Dr Epps, I had a hysterctomy in 2000. Around 2005 I think, maybe 2007 I have lost the desire for sex.My clitoris used to get hard when stimulated and now nothing. This has caused a serious problem in my relationship. Is there anything that will help this problem? I need help please!!!!
I don't know your medical history or your age, but it's certainly possible that there's some physiological contributing factors to your loss of desire. I would advise you to see your gynecologist to check your hormone levels.
In addition, here's some general information that may be of help to you. Sexual desire is a very tenuous thing: it can come and go many times. Has it occurred to you that you may have some issues with your relationship? Perhaps you’re bored, but don’t know how to express yourself, or you’re holding back for fear of hurting your partner’s feelings (fairly common among women).
Do you daydream about sex with celebrities, etc.? Do you self-pleasure? Have sexy dreams? If so, that would indicate that you’re interested in sex, but you’re just not interested in sex with your current partner. This could be an indicator that it’s the relationship that’s problematic, not sex in and of itself.
On the other hand, if you DON’T think about sex ever, if it’s not a priority for you, then you may be repressing sexual feelings, or you’re just not that interested in sex. We all go through periods in our life when our sexual interests fluctuate—just like our interests in other aspects of life.
It’s also possible that, for some reason, you’re no longer turned on to your partner. And, of course, many other factors can influence desire. Are you content with yourself, with your life, with your relationship? Are there any family or work crises? And how’s your physical health? There are numerous medical conditions that can also contribute to lack of desire. In addition, negative self-image or body image can also turn you off. How are you feeling about your physical appearance? Do you feel OK about aging? Some women feel they're no longer attractive once they pass 40--or once they have a hysterectomy and can no longer reproduce.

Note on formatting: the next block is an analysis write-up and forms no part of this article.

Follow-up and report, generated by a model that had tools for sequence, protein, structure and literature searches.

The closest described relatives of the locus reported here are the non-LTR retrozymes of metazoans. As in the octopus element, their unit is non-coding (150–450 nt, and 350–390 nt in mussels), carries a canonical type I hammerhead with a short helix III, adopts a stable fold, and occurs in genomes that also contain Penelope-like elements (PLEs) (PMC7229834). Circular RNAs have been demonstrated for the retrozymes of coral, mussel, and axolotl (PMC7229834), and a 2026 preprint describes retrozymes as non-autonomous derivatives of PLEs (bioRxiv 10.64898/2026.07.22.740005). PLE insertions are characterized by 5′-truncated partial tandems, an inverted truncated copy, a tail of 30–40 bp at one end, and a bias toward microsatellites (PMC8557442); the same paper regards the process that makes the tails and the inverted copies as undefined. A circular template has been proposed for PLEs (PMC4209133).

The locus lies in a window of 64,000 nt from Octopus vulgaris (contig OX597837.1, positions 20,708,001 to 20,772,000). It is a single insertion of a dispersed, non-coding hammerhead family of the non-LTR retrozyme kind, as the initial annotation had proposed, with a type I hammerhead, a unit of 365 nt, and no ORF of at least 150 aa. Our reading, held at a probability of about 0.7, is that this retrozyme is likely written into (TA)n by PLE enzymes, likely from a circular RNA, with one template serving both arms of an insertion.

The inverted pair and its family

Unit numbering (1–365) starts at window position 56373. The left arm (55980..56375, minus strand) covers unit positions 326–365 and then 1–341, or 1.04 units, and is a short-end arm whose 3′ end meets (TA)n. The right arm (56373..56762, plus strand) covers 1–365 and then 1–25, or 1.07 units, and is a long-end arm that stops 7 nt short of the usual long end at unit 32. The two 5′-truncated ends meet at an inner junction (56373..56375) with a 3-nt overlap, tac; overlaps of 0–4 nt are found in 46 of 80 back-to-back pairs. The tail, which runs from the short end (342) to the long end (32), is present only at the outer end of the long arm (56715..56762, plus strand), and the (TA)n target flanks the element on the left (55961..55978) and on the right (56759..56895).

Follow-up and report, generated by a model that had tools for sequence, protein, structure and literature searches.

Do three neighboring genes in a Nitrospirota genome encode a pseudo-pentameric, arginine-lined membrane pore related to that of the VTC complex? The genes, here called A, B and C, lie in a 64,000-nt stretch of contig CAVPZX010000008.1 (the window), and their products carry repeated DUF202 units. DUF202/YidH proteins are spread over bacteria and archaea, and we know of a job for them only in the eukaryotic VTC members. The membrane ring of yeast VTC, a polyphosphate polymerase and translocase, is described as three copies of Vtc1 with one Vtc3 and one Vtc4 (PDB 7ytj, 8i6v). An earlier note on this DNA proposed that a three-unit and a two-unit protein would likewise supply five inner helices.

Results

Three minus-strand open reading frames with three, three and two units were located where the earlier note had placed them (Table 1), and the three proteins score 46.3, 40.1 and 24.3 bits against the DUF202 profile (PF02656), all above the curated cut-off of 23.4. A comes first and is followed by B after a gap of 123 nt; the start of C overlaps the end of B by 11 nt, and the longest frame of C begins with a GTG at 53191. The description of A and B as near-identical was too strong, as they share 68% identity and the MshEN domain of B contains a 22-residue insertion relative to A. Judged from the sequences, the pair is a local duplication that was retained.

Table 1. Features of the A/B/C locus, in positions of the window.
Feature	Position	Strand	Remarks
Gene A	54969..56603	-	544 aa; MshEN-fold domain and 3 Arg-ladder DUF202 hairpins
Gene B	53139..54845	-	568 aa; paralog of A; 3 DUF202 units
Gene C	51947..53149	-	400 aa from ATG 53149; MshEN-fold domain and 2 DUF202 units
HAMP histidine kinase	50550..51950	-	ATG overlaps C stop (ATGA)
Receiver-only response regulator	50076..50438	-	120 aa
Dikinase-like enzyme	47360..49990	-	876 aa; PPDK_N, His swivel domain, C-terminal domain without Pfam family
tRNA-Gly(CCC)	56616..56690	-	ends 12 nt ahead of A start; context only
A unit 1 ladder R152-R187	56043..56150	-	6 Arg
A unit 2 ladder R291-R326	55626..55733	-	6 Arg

Are you an anxious person? If you’re feeling anxious or unsure of yourself, your desire for sex will be affected. Or you may have conflicting feelings about being sexual, based on earlier issues in your life. Or you may actually FEEL desire, but suppress it, due to feeling conflicted. Are you aware of any reasons you may have for avoiding sex?
Other reasons you might not be turned on: If you’re worried about pleasing your partner, rather than just enjoying pleasure, this can be a turn-off. The other message that many of us receive is that sex is somehow dirty and wrong, unless you’re doing it for reproductive purposes. Sometimes this can creep into our unconscious thoughts and sabotage any pleasure.
And, of course, there’s the whole issue of your partner's attitudes and behaviors and whether any of those are affecting your desire. Is sex mostly about your partner's pleasure rather than yours? Or do you feel that sex is about satisfying your partner rather than yourself? Lastly, for many women, lack of trust can negatively impact desire. If a past or current partner has violated your trust, you may have pulled away from this person because you feel vulnerable.
So, to recap: you may have negative attitudes about sex in general, or may have performance issues or be bored or frustrated. Think about the issues I’ve raised and see if any resonate. I’m wondering what YOU think is contributing to this. You’ve probably got more insight than you realize. Best of luck to you. Dr. J
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